Los Angeles — “Black Range Rover!” calls the parking valet at Soho House in West Hollywood, and a row of tanned and unlined and well-tended faces with practiced, thoughtful, I’m-listening-to-you-really-listening-not-just-waiting-for-my-turn-to-talk expressions on them pop up and prairie-dog over the tops of their iPhones and squint, because this is a place where a lot of people drive a lot of black Range Rovers, and nobody is sure which is whose.
Hollywood has outgrown its red-car years and embraced its black Range Rovers, its muted grey German sedans backed up bumper to bumper on Westlake Boulevard, its conscience-clearing Teslas and — if you must have a little flash — BMW i8 hybrids. It has sworn off the late nights and the cocaine and the sort of sexual promiscuity that once made Warren Beatty feel obliged to issue a public denial of a report that he had slept with 12,775 women (“That would mean that there was no repetition!” he scoffed), and not only the celebrities but also the operators and middle managers and creatives and money-runners of the entertainment world have taken up politics and yoga (two young women waiting for their cars debate the merits of the various styles of yoga offered at the local $200-an-hour spots, kundalini vs. set-and-flow, Bikram having become both passé and, as one insists, sexist) and early meetings and politics and clean living and politics and the endless endless rows of juice bars down Hollywood Boulevard.
The bars host only a few sad Hard Rock Cafe–type Eighties-holdover tourists in Guns N’ Roses T-shirts who probably would be having a better time in Vegas, and one of Larry Flynt’s Hustler retail outlets is located next to a diabetes clinic, which seems apt enough, but the juiceries are jam-packed full of the same class of people you run into at Soho House, people who can really pull off that elegantly understated Californian thing, sober and gentle and groomed and clean and giving the impression that they were raised on diets of kale and heirloom tomatoes and cold-pressed beard oil and self-esteem, people who would never participate in baroque tax-evasion schemes (Return of the Jedi has never made a profit . . . for tax purposes) or trade sex for professional advancement or quietly tolerate the rape of children by powerful filmmakers or–
“Black Range Rover!” Scuffle, scuffle, scuffle, the Hermès sneakers shuffle.
The characteristic activity of Hollywood isn’t making movies. It is having lunch. “I want to give you a real Hollywood experience,” says my host, a longtime entertainment-industry observer. Soho House, a private club owned by Ron Burkle, is, like all establishments in Hollywood, judged by who is there, and judged maybe even more significantly by who is not here: “The horror of every establishment in town is being overrun by agents,” my host says. Soho House isn’t expensive, but they don’t have to let everybody in, either, and the club relishes the vague and opaque membership requirements that keep certain powerful executives out while their junior colleagues and nebulously employed creative types get in. Etiquette is an issue: Like most such clubs, it has rules about where you can use a telephone or do work. In deference to its celebrity members, the club has a strict rule against photography.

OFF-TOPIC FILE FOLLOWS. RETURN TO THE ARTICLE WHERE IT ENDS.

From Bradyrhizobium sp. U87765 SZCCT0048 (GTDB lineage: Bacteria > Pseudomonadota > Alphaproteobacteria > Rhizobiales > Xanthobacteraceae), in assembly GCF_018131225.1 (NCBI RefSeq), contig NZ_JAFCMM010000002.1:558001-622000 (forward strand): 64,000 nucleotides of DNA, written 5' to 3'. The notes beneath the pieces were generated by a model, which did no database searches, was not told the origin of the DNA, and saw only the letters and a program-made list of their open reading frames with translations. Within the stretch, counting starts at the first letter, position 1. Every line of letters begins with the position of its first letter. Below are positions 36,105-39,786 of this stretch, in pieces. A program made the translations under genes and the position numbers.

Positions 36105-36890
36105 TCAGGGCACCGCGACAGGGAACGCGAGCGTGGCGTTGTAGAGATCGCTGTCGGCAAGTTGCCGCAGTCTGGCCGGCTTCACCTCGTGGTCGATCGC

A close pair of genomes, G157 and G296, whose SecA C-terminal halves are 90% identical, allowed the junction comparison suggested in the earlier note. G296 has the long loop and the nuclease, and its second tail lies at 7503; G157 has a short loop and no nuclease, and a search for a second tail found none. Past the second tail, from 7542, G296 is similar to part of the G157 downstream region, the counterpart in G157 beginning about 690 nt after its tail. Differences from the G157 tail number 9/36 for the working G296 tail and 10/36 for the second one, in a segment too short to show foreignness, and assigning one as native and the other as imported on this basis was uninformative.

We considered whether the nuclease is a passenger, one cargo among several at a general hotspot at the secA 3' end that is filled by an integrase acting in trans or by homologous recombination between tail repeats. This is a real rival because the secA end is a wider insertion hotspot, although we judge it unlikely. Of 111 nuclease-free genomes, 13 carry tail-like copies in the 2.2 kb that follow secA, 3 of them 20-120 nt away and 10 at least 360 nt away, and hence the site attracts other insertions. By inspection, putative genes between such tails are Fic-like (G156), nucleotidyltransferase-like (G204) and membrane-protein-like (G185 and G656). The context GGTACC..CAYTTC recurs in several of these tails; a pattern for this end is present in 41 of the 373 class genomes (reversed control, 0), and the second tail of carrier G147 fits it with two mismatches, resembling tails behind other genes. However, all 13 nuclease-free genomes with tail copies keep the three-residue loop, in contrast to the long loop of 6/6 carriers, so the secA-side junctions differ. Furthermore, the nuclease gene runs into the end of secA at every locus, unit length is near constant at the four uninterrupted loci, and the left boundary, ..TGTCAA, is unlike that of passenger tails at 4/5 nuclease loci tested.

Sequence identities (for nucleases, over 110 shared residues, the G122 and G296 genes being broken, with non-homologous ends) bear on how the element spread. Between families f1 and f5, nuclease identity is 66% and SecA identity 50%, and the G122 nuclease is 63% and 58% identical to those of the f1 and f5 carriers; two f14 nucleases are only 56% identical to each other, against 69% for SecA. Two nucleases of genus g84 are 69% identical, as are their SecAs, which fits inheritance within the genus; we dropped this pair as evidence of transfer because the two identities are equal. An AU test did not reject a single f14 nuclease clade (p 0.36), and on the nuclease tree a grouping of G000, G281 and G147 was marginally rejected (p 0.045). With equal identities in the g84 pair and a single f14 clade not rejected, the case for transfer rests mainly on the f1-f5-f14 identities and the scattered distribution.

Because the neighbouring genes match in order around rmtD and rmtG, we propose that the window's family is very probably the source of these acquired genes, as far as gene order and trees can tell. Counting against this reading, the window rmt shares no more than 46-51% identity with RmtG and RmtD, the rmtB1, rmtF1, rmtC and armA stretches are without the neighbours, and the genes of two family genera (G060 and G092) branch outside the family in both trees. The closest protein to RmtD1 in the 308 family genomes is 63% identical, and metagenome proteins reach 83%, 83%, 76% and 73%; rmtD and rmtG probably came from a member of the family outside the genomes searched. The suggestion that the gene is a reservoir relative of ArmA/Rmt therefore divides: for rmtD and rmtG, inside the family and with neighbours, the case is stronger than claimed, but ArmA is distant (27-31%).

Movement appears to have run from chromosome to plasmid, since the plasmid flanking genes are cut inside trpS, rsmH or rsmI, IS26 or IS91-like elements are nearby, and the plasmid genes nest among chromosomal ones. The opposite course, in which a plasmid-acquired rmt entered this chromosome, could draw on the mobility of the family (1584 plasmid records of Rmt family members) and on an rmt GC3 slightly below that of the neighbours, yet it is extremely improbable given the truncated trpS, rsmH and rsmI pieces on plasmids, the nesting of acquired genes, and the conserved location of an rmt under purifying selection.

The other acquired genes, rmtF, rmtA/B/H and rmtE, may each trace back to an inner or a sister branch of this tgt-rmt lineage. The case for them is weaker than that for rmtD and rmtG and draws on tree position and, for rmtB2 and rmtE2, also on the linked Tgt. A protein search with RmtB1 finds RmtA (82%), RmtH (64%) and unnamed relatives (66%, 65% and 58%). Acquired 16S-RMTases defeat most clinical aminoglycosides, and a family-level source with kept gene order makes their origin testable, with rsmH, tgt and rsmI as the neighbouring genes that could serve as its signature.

A private club for businessmen doing business while pretending not to do business: Hollywood has grown so bourgeois that it has reinvented the Union League.
Warren Beatty’s Hollywood is gone, and politics is the new cocaine.
“The thing you have to understand is the extent to which politics has come to dominate social life here,” says my lunch companion. “This isn’t a night-life city anymore. You’re expected to attend breakfast meetings. You’re not up late partying. And politics fills that role. You go to fundraisers and dinners. It has become central to how you live here now.” Constant politics means the constant use of politics for status-seeking, showing oneself to be the most sensitive, insightful, confrontational, etc. Everyone appreciates how well Meryl Streep’s political grandstanding at the Golden Globes went over. Harvey Weinstein took out a cynical ad in his Oscar campaign for Lion lamenting that, if Donald Trump has his way, child actors such as Sunny Pawar, star of that film, might not be able to get visas, because obviously what this is all about is the plight of child actors.
The ladies next to us ask for tea.
Hollywood’s more-clean-and-sober lifestyle has been driven in part by economics. This isn’t a town for people trying to make it — it’s a town for people who have it made. The days of a young dreamer from Iowa getting on a bus and waiting tables while spending a few years going to auditions and waiting for The Break are as dead as Warren Beatty’s chances of ever being asked to present another Academy Award. You can’t afford to do that here now — hell, there are a fair number of working professionals in the entertainment business who can’t really afford to live the Westside life, either. Increasingly, people enter the movie business the way they enter the book-publishing business or journalism: with help from Mom and Dad. “A lot of the people now come from money,” says my host, “and now you’ve got this new thing of people having parents in the business. You’ve always had a Carrie Fisher or two, but now you see a lot of the children of studio executives entering the business.”
Going into the family business. Selective clubs. A social calendar dominated by charity fund-raisers and benefits for cultural organizations. Tea with the ladies. You can blame Hollywood’s loopy liberal politics partly on its newly conservative lifestyle.
Warren Beatty’s Hollywood is gone, and politics is the new cocaine.